Tuesday, September 29, 2009

polystyrene recycling & solar technology

-- Recommended Resource --

http://www.solarbotanic.com - SolarBotanic’s work focuses on artificial trees that make use of renewable energy from the sun and wind, they are an efficient, clean and environmentally sound means of collecting solar radiation and wind energy. SolarBotanic Nanoleaves are able to pick up any light, from the visible spectrum to the invisible spectrum, Infrared light, while producing millions and millions of Pico watts day in day out.

-- Polystyrene Recycling --

Of course the best way to reduce or consumption of polystyrene (commonly referred to as "styrofoam" and "packaging peanuts") is to avoid the use of it all together. There are many packaging alternatives that are light and affordable for shipping needs, we can choose to use reusable or compostable disposable cutlery, plates and drink cups, we can bring our own container from home when visiting restaurants - rather than asking for their "to-go" container you can use your own... Yet there are times when we still come across this product and while the recycling of this material is not yet mainstream there are some options available to consumers.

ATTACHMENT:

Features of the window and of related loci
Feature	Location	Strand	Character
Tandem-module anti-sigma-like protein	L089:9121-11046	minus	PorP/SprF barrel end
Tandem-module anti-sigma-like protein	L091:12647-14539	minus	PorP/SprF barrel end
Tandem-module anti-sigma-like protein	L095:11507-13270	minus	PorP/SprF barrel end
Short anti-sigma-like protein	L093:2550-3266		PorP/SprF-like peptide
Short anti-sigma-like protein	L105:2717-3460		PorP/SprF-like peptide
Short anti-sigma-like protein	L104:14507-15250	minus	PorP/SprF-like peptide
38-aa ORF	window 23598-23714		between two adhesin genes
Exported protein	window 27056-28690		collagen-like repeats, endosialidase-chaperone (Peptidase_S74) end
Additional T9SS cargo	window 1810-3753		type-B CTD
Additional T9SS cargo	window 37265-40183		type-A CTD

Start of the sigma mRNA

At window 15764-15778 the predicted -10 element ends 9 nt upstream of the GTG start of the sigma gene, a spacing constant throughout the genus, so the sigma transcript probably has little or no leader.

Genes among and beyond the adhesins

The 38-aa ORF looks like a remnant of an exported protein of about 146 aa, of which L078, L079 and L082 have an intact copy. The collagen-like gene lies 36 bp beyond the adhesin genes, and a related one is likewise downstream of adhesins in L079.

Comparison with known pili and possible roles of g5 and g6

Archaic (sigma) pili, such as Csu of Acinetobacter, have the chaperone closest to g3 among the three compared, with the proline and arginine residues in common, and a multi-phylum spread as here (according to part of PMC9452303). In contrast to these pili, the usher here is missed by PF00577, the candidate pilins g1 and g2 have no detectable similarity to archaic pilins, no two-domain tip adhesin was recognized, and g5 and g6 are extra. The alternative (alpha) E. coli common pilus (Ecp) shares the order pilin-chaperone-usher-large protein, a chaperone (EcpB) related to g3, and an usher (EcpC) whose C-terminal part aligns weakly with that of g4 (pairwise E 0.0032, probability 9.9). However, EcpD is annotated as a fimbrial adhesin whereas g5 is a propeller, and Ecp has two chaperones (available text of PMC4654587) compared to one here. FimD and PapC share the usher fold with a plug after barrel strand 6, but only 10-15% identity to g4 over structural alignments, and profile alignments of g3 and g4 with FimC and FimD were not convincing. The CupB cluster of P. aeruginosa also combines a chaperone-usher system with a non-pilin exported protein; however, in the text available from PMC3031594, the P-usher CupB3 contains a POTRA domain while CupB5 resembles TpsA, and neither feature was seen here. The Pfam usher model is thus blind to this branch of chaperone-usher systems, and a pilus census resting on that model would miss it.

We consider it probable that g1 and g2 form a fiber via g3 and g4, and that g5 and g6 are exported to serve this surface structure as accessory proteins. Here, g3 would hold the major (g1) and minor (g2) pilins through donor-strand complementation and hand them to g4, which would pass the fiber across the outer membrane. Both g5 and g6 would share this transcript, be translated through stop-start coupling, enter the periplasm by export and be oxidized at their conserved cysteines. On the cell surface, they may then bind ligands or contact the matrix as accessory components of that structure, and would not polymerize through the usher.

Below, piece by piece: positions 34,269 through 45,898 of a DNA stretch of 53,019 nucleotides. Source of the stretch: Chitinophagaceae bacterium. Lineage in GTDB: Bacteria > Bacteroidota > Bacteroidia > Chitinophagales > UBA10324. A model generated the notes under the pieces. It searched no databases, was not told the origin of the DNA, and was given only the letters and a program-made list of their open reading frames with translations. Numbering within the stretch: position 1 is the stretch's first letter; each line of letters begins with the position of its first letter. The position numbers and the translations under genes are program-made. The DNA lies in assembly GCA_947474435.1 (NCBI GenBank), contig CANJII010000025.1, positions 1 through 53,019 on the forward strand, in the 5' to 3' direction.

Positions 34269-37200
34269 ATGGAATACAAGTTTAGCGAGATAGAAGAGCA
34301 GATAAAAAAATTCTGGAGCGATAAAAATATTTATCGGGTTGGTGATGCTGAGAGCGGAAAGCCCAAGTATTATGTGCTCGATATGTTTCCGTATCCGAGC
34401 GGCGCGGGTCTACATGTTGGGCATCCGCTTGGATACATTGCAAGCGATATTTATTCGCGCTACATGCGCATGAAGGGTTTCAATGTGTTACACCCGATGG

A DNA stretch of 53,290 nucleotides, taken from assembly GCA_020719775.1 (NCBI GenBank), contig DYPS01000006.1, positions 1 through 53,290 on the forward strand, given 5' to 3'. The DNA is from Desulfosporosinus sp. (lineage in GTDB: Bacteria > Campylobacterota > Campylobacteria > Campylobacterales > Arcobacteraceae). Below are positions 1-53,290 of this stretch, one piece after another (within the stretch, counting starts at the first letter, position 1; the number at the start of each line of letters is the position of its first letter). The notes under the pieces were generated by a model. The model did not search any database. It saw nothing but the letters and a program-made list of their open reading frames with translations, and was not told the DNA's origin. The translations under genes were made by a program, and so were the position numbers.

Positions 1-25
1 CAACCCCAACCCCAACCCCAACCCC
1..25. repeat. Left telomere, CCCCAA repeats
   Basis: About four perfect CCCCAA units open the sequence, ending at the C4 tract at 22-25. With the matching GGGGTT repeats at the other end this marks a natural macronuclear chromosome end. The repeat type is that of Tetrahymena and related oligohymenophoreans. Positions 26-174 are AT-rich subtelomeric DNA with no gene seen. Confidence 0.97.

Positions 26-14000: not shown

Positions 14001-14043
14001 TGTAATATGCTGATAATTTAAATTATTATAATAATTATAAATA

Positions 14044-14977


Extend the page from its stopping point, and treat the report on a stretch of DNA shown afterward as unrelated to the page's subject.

A good resource to check out is - Earth 911 (www.earth911.com). They have a special report on their website, “360: Recycling #6 Polystyrene” that has good references about polystyrene recycling, and where to get more information on specific recyclers and programs.

Alternatively, do a simple Internet search from your office by using the keywords: “polystyrene foam” or “Styrofoam” and your location, it will connect you to the nearest recycling facility.

Dart Container Corporation (www.dart.biz) operates polystyrene foam drop-off locations for recycling at two locations in California (USA):

- 150 South Maple Street, Corona, CA 92880, tel: 951-735-8115; and

- 1400 Victor Road, Lodi, CA 95240; tel: 209-333-8088

There is also quite a bit of information available for anyone interested in plastics and polystyrene food service products at: www.americanchemistry.com/pfpg

Find Dave & Lillian Brummet, excerpts from their books, information about their radio shows & free resources & articles at www.brummet.ca


  1. Good article!!Except that, waste polystyrene can also be recycled through some kind of machines. Our company INTCO has these kinds of machines, such as compactors, melters, dewatering machines. Here is our website about these different kinds of machines.

    1. thank you for your comment! You are right - it can be recycled... but not in most areas... only a few lucky areas have this kind of recycling available to them. I have known of one place people can mail it to, but that doesn't seem like a great option. Thanks for the link there - I'll be sure to check it out and if you don't mind, I might place it in a Recommended Resource post in Feb, 2018


Thank you for your comment!